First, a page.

Monday, March 06, 2023

My screwed-up imperfection

This post celebrates an achievement, something that was completed today. I suppose it’s also a sort of assertion of my right to be me, in all my screwed-up imperfection. Mainly, it’s evidence that, one way or another, eventually, I do get things completed.

Three weeks ago, I began the process of getting my dryer repaired. Anyone familiar with this story may well echo the very words my brain shouted at me: “Why TF did it take you nearly five months?!!!” Real me replied, “Because it did. It took that long for the same reasons everything takes so long; this was no different.” For that very reason, every time I burst through the barriers and accomplish something, I celebrate.

Quite some time ago now, I stopped complaining about being tired (except when it’s unusually bad), about having trouble focusing, and about having a thoroughly unreliable memory. That’s because after several years of complaining where it matters (to my doctors), nothing’s changed very much, and so, I decided my energy, such as it is, was better spent on finding ways to adapt. I’ve come up with specific ways to cope with what appears to be the way things will remain, and one of the most important things has been to stop beating myself up over my numerous failures—or, failures to complete, as the case may be.

Which brings me to the dryer: Everything followed the usual path.

At first, I simply kept forgetting to do anything about it, mainly because in the summer I usually hang the washing outside to dry, anyway, but the truth is, I’d have kept forgetting at any time of year—until laundry time, probably. Then, I’d forget again. I also had trouble focusing on it. It took an unusual alignment of things to break through those barriers.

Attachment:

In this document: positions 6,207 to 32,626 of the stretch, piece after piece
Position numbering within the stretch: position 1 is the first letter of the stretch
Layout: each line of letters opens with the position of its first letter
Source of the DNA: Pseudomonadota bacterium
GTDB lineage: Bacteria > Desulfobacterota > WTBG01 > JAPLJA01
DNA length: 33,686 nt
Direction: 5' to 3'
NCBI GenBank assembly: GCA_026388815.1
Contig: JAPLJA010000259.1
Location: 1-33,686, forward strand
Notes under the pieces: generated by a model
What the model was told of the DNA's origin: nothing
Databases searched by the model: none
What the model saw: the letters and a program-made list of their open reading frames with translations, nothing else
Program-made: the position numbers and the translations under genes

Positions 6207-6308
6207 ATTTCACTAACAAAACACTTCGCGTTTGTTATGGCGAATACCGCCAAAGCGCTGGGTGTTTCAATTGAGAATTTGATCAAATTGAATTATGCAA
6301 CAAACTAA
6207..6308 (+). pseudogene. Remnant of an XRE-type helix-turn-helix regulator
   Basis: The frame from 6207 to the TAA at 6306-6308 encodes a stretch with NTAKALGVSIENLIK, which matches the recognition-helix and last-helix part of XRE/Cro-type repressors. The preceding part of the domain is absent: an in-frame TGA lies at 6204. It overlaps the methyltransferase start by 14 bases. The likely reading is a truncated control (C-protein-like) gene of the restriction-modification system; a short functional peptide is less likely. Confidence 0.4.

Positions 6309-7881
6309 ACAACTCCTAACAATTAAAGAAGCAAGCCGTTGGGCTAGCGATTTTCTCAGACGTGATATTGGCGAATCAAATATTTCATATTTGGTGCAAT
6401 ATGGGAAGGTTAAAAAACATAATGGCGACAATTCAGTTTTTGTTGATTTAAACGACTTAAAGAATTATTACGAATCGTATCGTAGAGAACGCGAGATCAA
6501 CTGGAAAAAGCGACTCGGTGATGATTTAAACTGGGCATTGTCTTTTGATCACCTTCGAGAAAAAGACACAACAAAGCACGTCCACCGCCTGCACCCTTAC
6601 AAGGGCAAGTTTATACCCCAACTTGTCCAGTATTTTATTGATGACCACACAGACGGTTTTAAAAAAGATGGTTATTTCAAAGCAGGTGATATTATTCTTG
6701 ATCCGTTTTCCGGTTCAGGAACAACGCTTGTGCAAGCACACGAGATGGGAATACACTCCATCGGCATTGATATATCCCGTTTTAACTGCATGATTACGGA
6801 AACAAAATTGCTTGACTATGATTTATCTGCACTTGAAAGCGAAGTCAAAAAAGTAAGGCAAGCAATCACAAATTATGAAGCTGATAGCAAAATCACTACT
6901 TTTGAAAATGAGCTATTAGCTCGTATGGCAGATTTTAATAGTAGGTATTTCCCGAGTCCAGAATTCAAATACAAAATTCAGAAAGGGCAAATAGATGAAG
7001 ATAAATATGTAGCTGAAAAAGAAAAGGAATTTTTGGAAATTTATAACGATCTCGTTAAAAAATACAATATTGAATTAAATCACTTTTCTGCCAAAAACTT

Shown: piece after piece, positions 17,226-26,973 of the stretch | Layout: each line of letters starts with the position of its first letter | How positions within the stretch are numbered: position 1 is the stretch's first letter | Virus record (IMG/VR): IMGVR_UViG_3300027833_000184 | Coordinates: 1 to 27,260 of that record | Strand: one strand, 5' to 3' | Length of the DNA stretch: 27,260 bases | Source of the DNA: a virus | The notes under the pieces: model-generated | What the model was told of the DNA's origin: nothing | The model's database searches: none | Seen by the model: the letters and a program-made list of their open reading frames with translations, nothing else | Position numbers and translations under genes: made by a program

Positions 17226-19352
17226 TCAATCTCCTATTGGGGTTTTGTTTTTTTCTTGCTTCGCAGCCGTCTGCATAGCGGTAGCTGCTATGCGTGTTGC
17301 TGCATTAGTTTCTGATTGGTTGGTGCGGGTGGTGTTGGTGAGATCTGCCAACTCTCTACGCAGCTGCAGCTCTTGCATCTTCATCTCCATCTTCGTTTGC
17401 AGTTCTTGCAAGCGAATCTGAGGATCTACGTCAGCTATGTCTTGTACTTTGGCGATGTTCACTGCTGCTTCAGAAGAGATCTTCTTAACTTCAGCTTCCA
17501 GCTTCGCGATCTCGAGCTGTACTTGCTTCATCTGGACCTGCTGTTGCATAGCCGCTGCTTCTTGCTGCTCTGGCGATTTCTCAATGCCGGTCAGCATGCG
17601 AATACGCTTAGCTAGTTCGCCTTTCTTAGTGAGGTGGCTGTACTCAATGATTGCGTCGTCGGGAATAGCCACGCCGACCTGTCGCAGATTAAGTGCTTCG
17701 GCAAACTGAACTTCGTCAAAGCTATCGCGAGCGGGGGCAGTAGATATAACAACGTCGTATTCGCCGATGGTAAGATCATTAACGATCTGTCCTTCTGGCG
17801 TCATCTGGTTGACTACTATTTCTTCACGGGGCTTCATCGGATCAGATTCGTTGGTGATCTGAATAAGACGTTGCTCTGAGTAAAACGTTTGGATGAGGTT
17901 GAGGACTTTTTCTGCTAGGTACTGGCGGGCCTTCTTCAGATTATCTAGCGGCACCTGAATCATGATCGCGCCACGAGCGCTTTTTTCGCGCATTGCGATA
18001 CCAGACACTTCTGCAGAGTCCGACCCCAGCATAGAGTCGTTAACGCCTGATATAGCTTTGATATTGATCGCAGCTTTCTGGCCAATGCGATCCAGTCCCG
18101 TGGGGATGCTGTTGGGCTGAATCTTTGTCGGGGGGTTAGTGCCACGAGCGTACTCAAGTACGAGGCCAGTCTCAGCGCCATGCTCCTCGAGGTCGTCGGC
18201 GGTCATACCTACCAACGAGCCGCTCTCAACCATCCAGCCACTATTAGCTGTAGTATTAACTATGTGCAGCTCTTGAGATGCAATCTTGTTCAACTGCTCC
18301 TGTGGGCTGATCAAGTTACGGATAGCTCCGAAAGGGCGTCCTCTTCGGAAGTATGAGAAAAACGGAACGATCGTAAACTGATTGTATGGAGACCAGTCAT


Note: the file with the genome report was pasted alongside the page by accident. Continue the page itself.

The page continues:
First, I looked for the receipt, but couldn’t find it. Then, I looked through my bank statements to find the exact date I bought the washer and dryer. That way, I could register the products—once I found the serial numbers, which I knew were on the receipt. I figured I’d have to pull the dryer from the wall to find it on the back (and heat pump dryers are HEAVY…), but I had a brainstorm and looked in the door opening. Sure enough, they both had a sticker there with the model and serial numbers. I took photos of the stickers with my phone so I wouldn’t have to run back and forth or decipher my handwriting. This photo tactic is actually another adaption I rely on.

Next, I went to the manufacturer’s NZ website to register the machines. Then, I rang their help line, and the very friendly person told me they don’t schedule repairs, and I’d have to ring the repair company, located a few suburbs south of me (a suburb in NZ is a neighborhood in Americanese). The clearly confused, and so, somewhat flustered friendly person there told me they need a job number to establish it’s a warranty repair. Through talking with her, I worked out that the best thing to do was to ring the store where I bought it, and they would coordinate the repairs. This was, of course, what I originally realised months ago.

I don’t remember everything going on at the time the dryer failed, however, it was the day before the third anniversary of Nigel’s death, and not long after the first anniversary of Jake’s death, and at that time I just couldn’t cope with dealing with bureaucracy, so I didn’t. At some point after that, I became convinced I needed to find the receipt—even though I knew that wasn’t true, because many years ago we needed the same retailer to organise repairs on something else. Somehow, I managed to both know and forget all that.